Care Coordination: Making Sure Your Individual Needs Are Met

Care coordination can be a hectic process for any family member or trusted individual that is caring for their loved one. As people age, it is very important to make sure their needs are met, whether that pertains to physical or emotional health. By having proper plans in place, however, the care coordination process can become an easier burden to bear.

Managing Chronic Conditions: What You Need to Know

It is never easy to manage chronic health conditions, let alone trying to manage those conditions for an individual who may no longer be able to manage their condition themselves. In situations such as these, it takes a team of people – from family members to doctors to health insurance providers.

Families and Health Insurance Providers: Understanding What Role They Play

Both families and health insurance providers play a significant role in the care coordination process. It is crucial that both parties share the same desire to care for people in the least restrictive and most cost-effective setting. A key part of the process is making sure that the patient’s needs and desires are not only known, but communicated amongst the appropriate people to ensure that those needs and desires are properly met.

What Goes Into the Care Coordination Process?

The care coordination process involves a multitude of steps that must be taken to ensure proper care for the patient in need. These steps include the following:

  • Communicating about specific needs and desires
  • Agreeing on responsibility regarding care
  • Supporting care transitions
  • Managing medications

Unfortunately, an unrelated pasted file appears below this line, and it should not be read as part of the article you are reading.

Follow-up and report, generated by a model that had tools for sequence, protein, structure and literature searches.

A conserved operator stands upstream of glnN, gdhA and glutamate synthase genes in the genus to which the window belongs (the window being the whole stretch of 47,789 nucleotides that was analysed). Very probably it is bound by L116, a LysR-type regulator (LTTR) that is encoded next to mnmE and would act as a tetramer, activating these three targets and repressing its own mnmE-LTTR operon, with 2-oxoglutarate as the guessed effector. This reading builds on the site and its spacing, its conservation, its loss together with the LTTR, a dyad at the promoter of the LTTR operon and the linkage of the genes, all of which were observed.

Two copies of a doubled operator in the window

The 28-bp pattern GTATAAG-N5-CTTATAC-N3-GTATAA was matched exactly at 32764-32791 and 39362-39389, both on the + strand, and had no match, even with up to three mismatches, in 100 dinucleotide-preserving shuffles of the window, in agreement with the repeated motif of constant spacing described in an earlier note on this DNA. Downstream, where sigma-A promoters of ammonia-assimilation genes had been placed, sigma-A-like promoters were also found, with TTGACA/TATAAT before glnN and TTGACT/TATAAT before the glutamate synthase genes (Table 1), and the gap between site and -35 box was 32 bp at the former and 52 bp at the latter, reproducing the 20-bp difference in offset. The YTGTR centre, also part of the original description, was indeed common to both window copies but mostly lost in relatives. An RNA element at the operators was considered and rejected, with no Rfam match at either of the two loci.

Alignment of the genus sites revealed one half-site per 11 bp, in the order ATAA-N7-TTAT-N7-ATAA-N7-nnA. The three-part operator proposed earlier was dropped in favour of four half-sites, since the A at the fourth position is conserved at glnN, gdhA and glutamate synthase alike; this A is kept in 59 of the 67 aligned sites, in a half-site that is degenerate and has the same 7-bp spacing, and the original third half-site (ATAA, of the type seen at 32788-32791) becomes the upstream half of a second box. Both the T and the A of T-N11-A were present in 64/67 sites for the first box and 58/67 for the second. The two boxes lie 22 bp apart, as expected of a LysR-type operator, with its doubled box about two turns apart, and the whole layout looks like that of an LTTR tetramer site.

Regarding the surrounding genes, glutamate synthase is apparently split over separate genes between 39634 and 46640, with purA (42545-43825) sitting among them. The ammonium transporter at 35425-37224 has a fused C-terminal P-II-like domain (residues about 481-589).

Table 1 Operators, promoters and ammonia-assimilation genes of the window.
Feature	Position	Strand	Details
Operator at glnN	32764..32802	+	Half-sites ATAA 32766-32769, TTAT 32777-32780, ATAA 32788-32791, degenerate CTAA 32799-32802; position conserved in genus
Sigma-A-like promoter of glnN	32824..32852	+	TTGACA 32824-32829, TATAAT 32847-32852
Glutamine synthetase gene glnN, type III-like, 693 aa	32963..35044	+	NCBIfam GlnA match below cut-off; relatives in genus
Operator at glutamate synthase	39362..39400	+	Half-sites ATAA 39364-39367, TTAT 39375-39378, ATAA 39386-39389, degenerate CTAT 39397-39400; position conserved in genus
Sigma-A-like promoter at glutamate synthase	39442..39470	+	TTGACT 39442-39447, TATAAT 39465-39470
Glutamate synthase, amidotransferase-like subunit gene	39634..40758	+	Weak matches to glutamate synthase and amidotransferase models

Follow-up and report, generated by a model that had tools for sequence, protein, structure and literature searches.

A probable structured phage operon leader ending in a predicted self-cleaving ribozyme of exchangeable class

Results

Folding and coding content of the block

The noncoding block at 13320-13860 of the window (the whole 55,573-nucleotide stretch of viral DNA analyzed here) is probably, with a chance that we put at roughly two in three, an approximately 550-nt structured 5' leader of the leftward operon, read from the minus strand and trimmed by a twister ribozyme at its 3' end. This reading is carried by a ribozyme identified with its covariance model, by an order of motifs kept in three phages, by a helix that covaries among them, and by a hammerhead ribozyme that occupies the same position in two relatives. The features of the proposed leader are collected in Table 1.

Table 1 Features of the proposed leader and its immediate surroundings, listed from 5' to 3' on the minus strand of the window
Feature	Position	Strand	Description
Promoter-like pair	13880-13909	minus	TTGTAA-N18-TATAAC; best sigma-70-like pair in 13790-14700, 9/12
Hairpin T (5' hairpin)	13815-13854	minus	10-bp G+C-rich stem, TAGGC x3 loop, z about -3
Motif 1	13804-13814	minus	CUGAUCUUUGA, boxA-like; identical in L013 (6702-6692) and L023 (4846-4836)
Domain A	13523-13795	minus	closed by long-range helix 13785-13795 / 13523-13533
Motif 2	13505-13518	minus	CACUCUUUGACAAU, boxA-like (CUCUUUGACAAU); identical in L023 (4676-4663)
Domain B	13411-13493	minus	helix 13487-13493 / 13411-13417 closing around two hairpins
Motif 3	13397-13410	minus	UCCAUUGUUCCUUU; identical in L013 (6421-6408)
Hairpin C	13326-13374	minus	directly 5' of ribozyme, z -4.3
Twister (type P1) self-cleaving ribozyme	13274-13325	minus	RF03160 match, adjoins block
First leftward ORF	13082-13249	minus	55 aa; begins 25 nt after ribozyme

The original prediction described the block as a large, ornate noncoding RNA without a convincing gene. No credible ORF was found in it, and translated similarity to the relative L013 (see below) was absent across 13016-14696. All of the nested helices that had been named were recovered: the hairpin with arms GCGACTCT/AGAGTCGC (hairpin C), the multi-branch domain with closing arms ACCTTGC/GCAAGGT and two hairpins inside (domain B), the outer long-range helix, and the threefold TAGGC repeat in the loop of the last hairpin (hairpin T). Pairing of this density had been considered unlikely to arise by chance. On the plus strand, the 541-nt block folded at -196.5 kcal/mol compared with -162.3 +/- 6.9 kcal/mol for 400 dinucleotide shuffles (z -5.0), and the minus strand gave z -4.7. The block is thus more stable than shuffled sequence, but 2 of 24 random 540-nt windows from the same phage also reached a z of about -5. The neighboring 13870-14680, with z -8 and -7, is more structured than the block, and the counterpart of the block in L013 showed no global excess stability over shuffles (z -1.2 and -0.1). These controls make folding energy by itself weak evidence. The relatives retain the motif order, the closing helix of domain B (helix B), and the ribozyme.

• Evaluating various goals for care
  • Creating a care plan to ensure necessary steps are followed
  • Connecting the patient with various community resources available
  • Monitoring and responding to any changes in the patient’s needs or desires

Geriatric Care Managers: How They Can Help

One particular professional who also plays a key role in care coordination is a geriatric care manager. These are licensed professionals, typically either nurses or social workers, who can assist in identifying the needs of the patient and ways that those needs can be met. Geriatric care managers are especially helpful when the elderly patient does not have any nearby family, as they can check in on the patient to address any needs or changes with the patient’s needs.

Geriatric care managers can assist in many ways, including:

  • Explaining complex topics related to medical care
  • Evaluate at-home needs of the elderly patient
  • Work with emotional concerns
  • Make home visits
  • Continually evaluate the needs of the patient, and make suggestions based on those needs

How to Know if a Geriatric Care Manager is the Right Fit for Your Situation

The needs of any patient will vary based on the person. As such, one may seek to determine whether a geriatric care manager is right for their situation. The following are some questions you should keep in mind when finding a geriatric care manager:

  • Is the geriatric care manager properly licensed?
  • What is the geriatric care manager’s availability?
  • Does the geriatric care manager provide home services? If so, how often?
  • How much do the services cost?
  • How will the geriatric care manager properly communicate information?

Ultimately, the primary goal of care coordination is to ensure that the patient receives the appropriate healthcare services they need. This must involve an understanding and communication from all involved parties, from geriatric care managers to family members, on what exactly the patient needs.

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Image by Gerd Altmann from Pixabay

About the Author

Alyssa Marie Monteleon, Esq.

Alyssa Marie Monteleon is an elder law and estate planning attorney at the Monteleon Law Group, PLLC with offices in New York and Virginia. For more information, please visit or call (914) 840-2529.

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